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Various Artists (Concept albums & Themed compilations) - Golden Miles: Australian Progressive Rock 1969-1974 CD (album) cover


Various Artists (Concept albums & Themed compilations)


Various Genres

4.50 | 6 ratings

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4 stars I can imagine many prog fans would be perplexed at this compilation. The Australian prog artists best known to the wider world are missing (namely Sebastian Hardie, Rainbow Theatre and Daevid Allen - the first two presumably because of the 1969-1974 timeline, the latter presumably because he was on the other side of the world for the entire period), as are a few other artists one would expect to be here (Ayers Rock, Ariel, Syrius, etc). On the other hand, there are several bands here whose prog credentials are questionable, and certainly very little music that sounds like the full-blown symphonic prog that was being recorded in the UK and Europe at that time. (Even with those bands whose prog credentials are generally recognised, the editors have made some odd track choices, often choosing to represent a band with one of their least progressive-sounding numbers.)

I think there are a couple of things to keep in mind here. When the term 'progressive' was first used in relation to rock, it had a broader scope than we now give it, encompassing a whole range of bands whose musical directions were vastly different, but generally aiming beyond the radio-friendly three minute pop song - that meant not only King Crimson, Yes etc, but also arguably Blind Faith, Led Zeppelin, Jefferson Airplane, the Grateful Dead, etc. In the Australian context, 'progressive' is still often used as a term to encompass the entire burgeoning underground scene that began to emerge in 1969-1970, and that was nourished in the early 70s by the outdoor festivals, the university circuit, the inner city underground venues like the TF Much Ballroom, etc. Taking that understanding, this compilation makes more sense (though it also raises even more questions about missing bands - Aztecs? Chain?)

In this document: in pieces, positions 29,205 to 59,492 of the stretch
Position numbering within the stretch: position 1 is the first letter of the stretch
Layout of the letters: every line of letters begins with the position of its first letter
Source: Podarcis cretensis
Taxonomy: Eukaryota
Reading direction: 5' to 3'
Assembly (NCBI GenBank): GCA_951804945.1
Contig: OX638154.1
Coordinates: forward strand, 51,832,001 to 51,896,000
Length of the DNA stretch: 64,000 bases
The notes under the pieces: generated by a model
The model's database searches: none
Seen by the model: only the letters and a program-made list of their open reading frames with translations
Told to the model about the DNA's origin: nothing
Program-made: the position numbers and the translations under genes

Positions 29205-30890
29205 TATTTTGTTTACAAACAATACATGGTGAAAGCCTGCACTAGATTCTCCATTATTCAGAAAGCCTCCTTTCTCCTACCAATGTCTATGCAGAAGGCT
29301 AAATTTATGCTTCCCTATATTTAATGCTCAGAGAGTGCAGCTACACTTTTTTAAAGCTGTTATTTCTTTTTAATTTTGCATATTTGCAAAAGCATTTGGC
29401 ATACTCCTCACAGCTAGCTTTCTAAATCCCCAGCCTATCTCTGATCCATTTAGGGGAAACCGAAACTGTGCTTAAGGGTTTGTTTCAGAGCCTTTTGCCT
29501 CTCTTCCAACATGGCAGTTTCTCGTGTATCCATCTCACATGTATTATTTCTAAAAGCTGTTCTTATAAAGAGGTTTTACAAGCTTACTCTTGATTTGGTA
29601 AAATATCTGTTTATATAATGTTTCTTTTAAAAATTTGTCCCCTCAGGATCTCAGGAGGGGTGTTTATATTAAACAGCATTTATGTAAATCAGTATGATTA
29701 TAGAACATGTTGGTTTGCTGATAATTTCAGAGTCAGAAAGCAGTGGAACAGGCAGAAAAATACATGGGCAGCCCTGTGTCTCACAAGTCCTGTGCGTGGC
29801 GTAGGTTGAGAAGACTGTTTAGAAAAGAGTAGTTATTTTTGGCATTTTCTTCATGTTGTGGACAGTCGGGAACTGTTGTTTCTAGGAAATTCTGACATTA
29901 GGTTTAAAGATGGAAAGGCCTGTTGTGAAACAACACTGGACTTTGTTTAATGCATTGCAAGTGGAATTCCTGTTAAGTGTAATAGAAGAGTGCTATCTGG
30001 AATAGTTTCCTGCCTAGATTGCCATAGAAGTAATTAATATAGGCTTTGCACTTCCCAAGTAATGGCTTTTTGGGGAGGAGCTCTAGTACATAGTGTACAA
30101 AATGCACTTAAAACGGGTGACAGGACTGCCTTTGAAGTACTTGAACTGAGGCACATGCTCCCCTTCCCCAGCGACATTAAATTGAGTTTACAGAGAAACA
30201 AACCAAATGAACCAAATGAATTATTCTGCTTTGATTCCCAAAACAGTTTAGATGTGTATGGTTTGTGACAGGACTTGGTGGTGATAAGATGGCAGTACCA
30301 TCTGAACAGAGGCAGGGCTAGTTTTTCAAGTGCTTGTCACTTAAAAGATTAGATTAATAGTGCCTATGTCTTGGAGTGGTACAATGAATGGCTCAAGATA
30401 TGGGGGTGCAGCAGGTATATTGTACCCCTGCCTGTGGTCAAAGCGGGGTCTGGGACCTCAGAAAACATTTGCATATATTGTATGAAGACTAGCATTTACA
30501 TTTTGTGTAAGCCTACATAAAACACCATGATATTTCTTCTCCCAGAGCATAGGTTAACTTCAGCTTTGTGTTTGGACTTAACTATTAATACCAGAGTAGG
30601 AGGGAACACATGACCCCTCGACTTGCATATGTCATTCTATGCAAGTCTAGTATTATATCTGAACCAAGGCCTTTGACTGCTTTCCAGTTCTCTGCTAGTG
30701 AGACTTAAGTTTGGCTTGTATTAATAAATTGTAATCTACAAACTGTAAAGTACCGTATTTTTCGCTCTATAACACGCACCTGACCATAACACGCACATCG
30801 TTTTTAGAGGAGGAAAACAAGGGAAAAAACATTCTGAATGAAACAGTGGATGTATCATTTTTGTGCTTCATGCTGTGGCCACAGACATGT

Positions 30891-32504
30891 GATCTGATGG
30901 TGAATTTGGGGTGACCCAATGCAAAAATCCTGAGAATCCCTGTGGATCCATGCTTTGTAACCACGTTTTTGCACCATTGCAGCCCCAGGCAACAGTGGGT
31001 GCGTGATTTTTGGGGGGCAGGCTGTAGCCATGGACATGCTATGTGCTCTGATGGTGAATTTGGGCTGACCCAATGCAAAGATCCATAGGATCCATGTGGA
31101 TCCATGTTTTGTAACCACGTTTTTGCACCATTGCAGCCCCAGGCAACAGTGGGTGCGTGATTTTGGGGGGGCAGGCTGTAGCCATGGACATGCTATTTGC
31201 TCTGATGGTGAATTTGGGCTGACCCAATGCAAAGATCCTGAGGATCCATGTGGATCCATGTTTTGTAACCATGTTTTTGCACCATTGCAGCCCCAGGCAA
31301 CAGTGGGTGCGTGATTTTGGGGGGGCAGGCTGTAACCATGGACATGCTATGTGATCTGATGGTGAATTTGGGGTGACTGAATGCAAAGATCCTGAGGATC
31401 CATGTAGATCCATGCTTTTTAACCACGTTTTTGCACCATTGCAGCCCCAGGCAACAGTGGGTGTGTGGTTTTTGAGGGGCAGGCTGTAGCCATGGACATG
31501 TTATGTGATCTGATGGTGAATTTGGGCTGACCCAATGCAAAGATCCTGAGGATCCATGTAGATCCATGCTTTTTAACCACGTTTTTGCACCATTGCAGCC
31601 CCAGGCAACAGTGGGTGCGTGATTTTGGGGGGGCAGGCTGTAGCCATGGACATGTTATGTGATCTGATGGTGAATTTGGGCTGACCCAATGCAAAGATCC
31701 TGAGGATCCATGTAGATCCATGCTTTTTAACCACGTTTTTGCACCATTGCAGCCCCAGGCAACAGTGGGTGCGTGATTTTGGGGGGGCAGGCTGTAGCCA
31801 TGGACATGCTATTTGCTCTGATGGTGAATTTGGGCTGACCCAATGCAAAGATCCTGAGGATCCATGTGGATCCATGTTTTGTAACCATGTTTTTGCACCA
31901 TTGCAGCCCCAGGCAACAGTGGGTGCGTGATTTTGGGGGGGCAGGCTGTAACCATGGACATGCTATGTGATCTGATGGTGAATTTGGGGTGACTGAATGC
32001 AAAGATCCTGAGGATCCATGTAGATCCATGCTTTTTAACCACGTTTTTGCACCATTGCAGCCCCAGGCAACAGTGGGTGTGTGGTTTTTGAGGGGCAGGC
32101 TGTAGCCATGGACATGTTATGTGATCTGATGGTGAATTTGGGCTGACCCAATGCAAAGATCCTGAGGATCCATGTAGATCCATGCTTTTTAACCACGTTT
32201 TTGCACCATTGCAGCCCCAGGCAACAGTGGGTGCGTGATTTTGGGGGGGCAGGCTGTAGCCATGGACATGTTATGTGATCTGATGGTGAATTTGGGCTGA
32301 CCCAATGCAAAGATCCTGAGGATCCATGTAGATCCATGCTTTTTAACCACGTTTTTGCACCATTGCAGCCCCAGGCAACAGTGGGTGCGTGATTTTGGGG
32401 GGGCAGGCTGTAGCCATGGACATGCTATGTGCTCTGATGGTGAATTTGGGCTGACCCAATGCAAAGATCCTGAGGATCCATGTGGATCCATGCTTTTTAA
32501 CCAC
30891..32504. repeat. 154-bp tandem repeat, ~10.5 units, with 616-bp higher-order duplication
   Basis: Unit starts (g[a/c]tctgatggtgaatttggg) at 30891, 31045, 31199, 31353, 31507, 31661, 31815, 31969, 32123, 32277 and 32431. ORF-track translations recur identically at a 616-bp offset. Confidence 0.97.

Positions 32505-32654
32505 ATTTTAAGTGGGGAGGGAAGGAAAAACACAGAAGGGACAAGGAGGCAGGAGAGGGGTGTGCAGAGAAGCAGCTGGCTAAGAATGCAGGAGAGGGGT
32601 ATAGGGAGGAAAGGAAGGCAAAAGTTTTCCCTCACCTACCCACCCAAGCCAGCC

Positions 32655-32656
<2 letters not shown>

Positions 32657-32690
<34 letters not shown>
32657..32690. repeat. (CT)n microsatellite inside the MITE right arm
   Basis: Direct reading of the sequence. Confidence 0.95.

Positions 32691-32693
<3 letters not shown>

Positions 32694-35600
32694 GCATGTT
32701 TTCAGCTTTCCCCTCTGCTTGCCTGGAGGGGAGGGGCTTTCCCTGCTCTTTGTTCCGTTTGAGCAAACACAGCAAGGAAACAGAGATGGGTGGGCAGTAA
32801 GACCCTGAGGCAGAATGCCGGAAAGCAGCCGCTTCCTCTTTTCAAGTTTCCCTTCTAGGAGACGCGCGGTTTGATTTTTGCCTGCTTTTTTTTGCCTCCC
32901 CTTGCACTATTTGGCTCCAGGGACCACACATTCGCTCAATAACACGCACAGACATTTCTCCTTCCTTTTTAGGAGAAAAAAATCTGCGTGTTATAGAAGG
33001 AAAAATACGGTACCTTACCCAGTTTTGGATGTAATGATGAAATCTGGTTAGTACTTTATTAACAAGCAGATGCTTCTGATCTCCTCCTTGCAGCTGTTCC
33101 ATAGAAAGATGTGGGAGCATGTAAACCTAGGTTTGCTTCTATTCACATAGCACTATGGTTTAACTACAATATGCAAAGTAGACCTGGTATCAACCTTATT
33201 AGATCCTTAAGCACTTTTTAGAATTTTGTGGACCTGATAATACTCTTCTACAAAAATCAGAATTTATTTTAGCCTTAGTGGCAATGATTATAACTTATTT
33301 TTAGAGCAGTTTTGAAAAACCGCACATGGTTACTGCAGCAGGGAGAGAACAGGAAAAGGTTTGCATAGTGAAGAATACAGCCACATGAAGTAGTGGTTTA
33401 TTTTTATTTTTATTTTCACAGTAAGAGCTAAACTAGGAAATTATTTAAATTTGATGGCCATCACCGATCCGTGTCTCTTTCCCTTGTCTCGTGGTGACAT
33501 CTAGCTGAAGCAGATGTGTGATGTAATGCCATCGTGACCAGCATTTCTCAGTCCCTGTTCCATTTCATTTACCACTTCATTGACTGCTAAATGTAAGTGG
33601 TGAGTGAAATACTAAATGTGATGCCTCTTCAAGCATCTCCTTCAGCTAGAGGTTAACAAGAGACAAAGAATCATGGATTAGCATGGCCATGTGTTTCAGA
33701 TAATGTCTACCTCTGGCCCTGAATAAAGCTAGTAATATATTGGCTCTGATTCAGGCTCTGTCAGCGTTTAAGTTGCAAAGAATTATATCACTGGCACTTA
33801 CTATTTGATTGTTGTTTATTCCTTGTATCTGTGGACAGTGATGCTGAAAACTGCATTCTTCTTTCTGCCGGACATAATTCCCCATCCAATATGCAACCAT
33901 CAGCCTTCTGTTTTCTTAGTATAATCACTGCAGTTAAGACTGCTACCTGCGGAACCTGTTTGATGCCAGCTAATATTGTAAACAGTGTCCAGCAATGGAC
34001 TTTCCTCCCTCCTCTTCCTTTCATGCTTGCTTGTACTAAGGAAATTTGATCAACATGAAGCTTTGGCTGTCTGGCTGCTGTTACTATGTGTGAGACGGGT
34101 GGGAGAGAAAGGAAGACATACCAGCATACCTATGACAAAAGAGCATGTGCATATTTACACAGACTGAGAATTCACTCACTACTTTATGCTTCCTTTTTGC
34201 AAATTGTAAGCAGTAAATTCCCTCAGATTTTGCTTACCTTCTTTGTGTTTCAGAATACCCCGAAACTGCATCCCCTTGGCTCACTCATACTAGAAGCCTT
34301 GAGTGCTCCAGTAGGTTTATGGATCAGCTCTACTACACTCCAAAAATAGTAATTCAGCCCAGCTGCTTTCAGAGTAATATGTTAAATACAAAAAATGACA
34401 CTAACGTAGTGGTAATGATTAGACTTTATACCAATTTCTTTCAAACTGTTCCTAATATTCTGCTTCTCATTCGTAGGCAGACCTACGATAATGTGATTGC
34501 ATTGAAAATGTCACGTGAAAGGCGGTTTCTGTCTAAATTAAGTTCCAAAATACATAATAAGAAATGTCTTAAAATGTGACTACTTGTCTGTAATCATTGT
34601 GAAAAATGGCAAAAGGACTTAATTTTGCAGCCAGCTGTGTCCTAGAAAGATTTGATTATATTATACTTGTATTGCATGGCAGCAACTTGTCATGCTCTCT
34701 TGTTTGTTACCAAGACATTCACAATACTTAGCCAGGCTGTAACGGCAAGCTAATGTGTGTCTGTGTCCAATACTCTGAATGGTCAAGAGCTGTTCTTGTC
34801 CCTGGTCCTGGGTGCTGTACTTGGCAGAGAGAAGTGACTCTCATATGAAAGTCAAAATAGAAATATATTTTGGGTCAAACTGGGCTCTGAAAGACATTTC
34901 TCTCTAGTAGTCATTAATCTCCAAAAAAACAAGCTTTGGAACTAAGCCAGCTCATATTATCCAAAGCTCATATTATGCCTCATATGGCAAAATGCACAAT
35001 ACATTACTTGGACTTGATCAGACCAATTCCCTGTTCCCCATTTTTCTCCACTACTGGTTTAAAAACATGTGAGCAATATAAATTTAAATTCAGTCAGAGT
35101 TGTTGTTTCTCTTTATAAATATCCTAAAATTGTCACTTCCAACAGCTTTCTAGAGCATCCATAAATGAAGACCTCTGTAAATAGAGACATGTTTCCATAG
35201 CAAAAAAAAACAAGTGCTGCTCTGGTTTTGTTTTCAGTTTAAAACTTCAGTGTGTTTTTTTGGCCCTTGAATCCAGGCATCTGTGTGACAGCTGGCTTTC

I think it's also worth considering why Australia has not produced much in the way of full-blown prog. If you listen to the music made by the first progressive or proto-prog bands around 1968-1970, and compare the music coming out of Australia in 1969-1971, you'd say the Australian underground bands were keeping up with developments fairly well, albeit some months behind. The period 1972-1974 is where the divergence occurs - while British and European prog reached it's most ambitious stage during these years, Australian prog was in retreat - by 1973, most of the bands on this compilation were either in the process of breaking up, or were moving towards a simpler, more accessible rock sound. Unlike the UK, Australia had a tiny population spread across a large continent, with prohibitive distances between the major cities, a decentralised and parochial media that made it difficult to break bands nationally, little in the way of progressive media comparable to the American FM stations or the British pirate stations, and even in the major cities, comparably few venues receptive to a more progressive style, meaning bands who wanted to maintain a financially viable gigging schedule needed to be able to play the more direct material demanded by suburban venues. Even a high-profile group like Spectrum struggled in this environment.

Anyway, on to the music

Bakery - started out playing heavy rock in the style of Deep Purple mk 2, but developed a more progressive style on their second album Momento. "No Dying In The Dark" is from their Deep Purple period, so is an odd choice. I would have chosen "Holocaust", or "Living With A Memory".

Carson - one of Australia's leading blues bands. "Travelling South" does have a creative arrangement that lifts it up above standard 12-bar fare, but it's hardly prog. (And if Carson can be here, why not Chain? They did have several genuinely proggy moments, like "Forever" and "The World Is Waiting")

Lotus - I think this single was their only release. It's a heavy psych track with some great Hammond, but not really prog.

Healing Force - "Golden Miles" is a fabulous organ-driven ballad, reminiscent of Rare Bird. Unfortunately, they broke up after releasing the single, and so never put down anything else in the studio. There is another wonderful song "Poem of Joy" that you can find on Youtube, and a few live tracks on compilations ("Erection", from the Sunbury 1973 album, is a great track reminiscent of Miles circa In a Silent Way). This band should be on PA.